A shallow, sheltered bay in an urban/industrial area, with saltmarsh vegetation, extensive mudflats (mainly on the east side) and a large area of mangrove Avicennia (the last remaining area in the country) in the south-west corner of the bay at Sanad. Tidal amplitude is up to 2.5 m and salinity exceeds 4.0%. There are many freshwater springs offshore and onshore, the latter associated with Phragmites reedbeds and date-palm gardens. The bay is an important spawning and nursery area for fish and prawns. It receives irrigation run-off from the date gardens and also fully treated sewage effluent.
The most important site in the country for migrating and wintering coastal waterbirds. See box for key species. Other wintering species include Egretta garzetta (100), Charadrius hiaticula (300), Calidris minuta (1,000), Arenaria interpres (250), Larus ichthyaetus (150) and Larus ridibundus (2,000).
Non-bird biodiversity: None known to BirdLife International.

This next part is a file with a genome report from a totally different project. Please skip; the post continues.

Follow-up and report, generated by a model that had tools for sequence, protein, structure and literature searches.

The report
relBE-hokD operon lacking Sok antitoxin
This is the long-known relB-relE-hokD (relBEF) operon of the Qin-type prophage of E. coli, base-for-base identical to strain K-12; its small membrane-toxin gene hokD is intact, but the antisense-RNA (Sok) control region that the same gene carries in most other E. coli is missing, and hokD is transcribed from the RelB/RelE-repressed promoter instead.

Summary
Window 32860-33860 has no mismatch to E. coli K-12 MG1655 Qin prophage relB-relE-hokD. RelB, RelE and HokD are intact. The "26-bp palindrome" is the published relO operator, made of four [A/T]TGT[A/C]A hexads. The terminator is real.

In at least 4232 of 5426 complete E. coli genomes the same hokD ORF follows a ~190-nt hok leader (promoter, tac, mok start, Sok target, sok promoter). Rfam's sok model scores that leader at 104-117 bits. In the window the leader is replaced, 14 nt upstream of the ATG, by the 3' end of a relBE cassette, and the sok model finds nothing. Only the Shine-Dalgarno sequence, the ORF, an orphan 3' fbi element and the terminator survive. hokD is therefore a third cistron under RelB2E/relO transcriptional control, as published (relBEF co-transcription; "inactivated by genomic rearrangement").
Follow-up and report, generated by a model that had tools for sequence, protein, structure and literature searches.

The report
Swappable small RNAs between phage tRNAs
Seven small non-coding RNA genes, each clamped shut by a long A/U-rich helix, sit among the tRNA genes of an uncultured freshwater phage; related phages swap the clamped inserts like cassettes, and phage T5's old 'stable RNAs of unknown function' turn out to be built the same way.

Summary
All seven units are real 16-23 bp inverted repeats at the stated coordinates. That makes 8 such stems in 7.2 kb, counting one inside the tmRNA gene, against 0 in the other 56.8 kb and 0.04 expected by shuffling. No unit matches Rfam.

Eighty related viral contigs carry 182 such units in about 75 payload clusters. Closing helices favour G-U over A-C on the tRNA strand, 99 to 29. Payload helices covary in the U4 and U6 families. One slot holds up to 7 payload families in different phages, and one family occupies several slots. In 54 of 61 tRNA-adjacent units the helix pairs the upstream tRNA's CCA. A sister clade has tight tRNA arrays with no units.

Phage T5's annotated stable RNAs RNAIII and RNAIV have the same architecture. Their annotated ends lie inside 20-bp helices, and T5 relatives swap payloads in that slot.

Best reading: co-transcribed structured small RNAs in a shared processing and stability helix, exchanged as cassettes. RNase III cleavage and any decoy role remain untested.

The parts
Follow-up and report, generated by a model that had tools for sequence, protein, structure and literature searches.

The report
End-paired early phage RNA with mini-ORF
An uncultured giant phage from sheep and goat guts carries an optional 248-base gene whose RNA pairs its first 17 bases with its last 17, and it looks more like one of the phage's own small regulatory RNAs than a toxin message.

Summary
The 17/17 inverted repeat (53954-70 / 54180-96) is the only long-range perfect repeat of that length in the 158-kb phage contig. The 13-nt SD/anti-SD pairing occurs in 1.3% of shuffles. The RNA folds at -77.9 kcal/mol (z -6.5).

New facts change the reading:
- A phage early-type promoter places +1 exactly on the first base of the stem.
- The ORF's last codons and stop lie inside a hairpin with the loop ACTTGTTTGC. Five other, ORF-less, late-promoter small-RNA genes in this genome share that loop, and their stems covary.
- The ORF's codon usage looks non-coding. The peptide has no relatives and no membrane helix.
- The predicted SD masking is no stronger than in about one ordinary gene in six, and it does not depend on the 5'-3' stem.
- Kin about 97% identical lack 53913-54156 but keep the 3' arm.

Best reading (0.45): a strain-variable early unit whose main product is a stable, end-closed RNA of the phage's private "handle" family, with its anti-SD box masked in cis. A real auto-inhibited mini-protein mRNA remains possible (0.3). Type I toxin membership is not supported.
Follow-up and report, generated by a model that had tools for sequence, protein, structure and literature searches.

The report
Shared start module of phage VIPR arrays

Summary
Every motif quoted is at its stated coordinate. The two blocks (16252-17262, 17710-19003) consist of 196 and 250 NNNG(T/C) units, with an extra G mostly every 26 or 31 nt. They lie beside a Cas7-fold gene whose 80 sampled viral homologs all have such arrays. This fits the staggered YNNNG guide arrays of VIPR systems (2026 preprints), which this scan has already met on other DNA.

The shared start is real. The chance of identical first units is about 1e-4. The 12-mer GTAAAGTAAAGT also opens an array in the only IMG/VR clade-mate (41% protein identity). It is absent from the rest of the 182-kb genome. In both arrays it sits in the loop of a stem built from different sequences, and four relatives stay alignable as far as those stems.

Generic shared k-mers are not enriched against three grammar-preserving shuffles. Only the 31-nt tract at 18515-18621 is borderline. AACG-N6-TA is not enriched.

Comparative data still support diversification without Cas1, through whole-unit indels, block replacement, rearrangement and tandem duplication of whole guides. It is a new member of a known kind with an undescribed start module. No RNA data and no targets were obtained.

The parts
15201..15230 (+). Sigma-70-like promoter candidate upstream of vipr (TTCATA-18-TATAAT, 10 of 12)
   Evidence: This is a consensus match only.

Pressure/threats to key biodiversity
The entire mangrove area at Ras Sanad is a Wildlife Reserve, and there is a mangrove re-planting programme. Land-claim and dredging are a critical problem: since 1975 most of the original mangrove and other intertidal and shallow subtidal habitats (as well as date-palm gardens) have been lost to housing, roads and other urban and industrial development, especially along the northern shore of the Bay. Irresponsible hunting, excessive disturbance of birds by recreational activities, and oil pollution are all major problems at the site.
Data-sheet compiled by Dr S. A. Mohamed and E. Hirschfeld.
BirdLife International (2022) Important Bird Areas factsheet: Tubli Bay. Downloaded from
http://www.birdlife.org on 18/01/2022.